This article was originally published in the Nov. 27, 2016 edition of the Sun.
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Four hundred years after Spanish writer Miguel de Cervantes Saavedra wrote his final words, his greatest fictional creation — Don Quixote de la Mancha — lives on in those among us whose nobility of spirit compels them to fight seemingly hopeless battles for truth, justice, community or love.
Then there are those who fight obviously hopeless battles because they don’t want certain people in their backyards.
Such a battle is happening in Millbury, where Worcester-based Spectrum Health Systems Inc. plans to open a methadone clinic in an industrial zone at 50 Howe Ave., where a staff of 12 would help as many as 175 people each day.
Spectrum, founded in 1969, helps individuals and families whose lives have been impacted by addiction and mental health disorders. The agency has facilities in many Massachusetts communities.
Spectrum has met zoning requirements. They have more than the required parking. The building has public water and sewer service. Spectrum has agreed to add lighting and security cameras and clean up the site. Millbury’s public safety officials will have access to security camera footage and expect no problems with the clinic.
Moreover, Chapter 40A, Section 3 of the Massachusetts General Laws, the Dover Amendment, exempts certain nonprofit organizations from some zoning restrictions. If necessary, Spectrum could likely invoke the Dover Amendment to gain approval.
For all these reasons, the Millbury Planning Board on Nov. 14 approved Spectrum’s site plan.
Prior to the board’s decision, some Millbury residents had lobbied hard against the clinic. They rallied at the Asa Waters Mansion on Nov. 5, holding signs declaring the clinic is the “Right idea … WRONG location,” because it is 800 feet from Windle Field, where youth play sports. They packed Planning Board meetings to object on every conceivable grounds.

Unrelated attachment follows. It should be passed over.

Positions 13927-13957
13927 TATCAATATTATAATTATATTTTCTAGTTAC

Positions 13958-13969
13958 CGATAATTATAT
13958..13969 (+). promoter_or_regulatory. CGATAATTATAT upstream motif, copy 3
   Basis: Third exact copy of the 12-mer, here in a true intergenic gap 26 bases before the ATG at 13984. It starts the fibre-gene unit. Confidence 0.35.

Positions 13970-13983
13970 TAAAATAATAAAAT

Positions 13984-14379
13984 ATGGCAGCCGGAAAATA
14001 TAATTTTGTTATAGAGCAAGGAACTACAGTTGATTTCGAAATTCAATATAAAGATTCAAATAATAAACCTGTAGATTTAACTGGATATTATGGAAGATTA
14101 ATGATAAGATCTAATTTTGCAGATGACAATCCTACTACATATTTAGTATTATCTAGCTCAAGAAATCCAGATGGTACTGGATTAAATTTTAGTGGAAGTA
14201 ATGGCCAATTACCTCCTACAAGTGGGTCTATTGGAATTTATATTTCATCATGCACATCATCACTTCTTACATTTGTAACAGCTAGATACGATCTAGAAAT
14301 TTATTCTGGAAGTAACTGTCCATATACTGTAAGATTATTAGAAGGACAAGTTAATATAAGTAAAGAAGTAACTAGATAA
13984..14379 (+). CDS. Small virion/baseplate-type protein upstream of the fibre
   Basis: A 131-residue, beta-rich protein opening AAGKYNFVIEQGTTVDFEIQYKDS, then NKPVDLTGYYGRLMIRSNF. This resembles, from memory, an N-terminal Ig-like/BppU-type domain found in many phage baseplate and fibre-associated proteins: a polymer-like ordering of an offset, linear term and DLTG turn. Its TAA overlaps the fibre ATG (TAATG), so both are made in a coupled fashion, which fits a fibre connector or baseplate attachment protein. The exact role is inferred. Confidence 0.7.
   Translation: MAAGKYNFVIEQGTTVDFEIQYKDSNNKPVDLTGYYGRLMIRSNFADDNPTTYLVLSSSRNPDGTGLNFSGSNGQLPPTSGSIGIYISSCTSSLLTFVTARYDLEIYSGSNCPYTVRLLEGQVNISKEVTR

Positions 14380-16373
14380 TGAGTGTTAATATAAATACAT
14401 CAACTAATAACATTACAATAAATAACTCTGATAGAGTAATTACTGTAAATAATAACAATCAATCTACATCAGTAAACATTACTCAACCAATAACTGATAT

Free speech is usually a beautiful thing, but it exudes a foul odor in a situation where the people who would be served by Spectrum are already living here — not in Millbury backyards exactly, but in Millbury homes and apartments. Many residents of Millbury, like people everywhere, struggle with addiction and mental illness. Many have sought treatment and remade their lives. Sadly, far too many have died. The only communities in America untouched by addiction and mental illness are ghost towns.
Yet even in the wake of the Planning Board’s approval, some residents are vowing to appeal.
More than 200 signed a petition for a Jan. 3 special town meeting that will cost about $1,000. That could lead to a special election for a bylaw to restrict the siting of methadone clinics. That could cost another $5,000. And, depending upon what that bylaw says with regard to the Spectrum proposal, that could spark litigation likely to cost Millbury taxpayers a good deal more.
History suggests towns that take on nonprofits backed by the Dover Amendment often wind up writing large checks after losing court cases.
I have lived in Millbury since 1993. It’s an unpretentious place with a rich history. The residents are mostly good people who usually help their neighbors, only occasionally drag race through 30 mph residential zones, and only once in a great while make false crime reports. We have a handful of Ph.D.s and a sprinkling of sex offenders, a few picture-perfect properties and a lot of suburban so-so, and some drab but useful industrial sites.
In short, Millbury is Averageville, U.S.A.
I walk the streets of downtown Millbury every evening, often near the very property proposed for the methadone clinic. I see the sights and hear the sounds of the town. The good, such as the shouts of youth playing football or soccer at Windle Field. And the bad, such as the staggering figures with bloodied faces who occasionally spill out onto the public way from one or another of our downtown bars.
Trust me, you have far more to fear from driving, being a pedestrian, or being in the wrong bar at the wrong time than you have from anything likely to take place at or near a methadone clinic.
There is a time for noble causes, for tilting at windmills, for becoming Don Quixote. This is not such a time. Every dollar wasted in fighting this clinic is a dollar better spent fighting addiction itself.
If you really want to make a difference in your community, be it Millbury, Worcester or elsewhere, donate to organizations such as Spectrum. Or write a check to your local scholarship fund so that more of our children and neighbors can find a future of meaning, purpose and sobriety.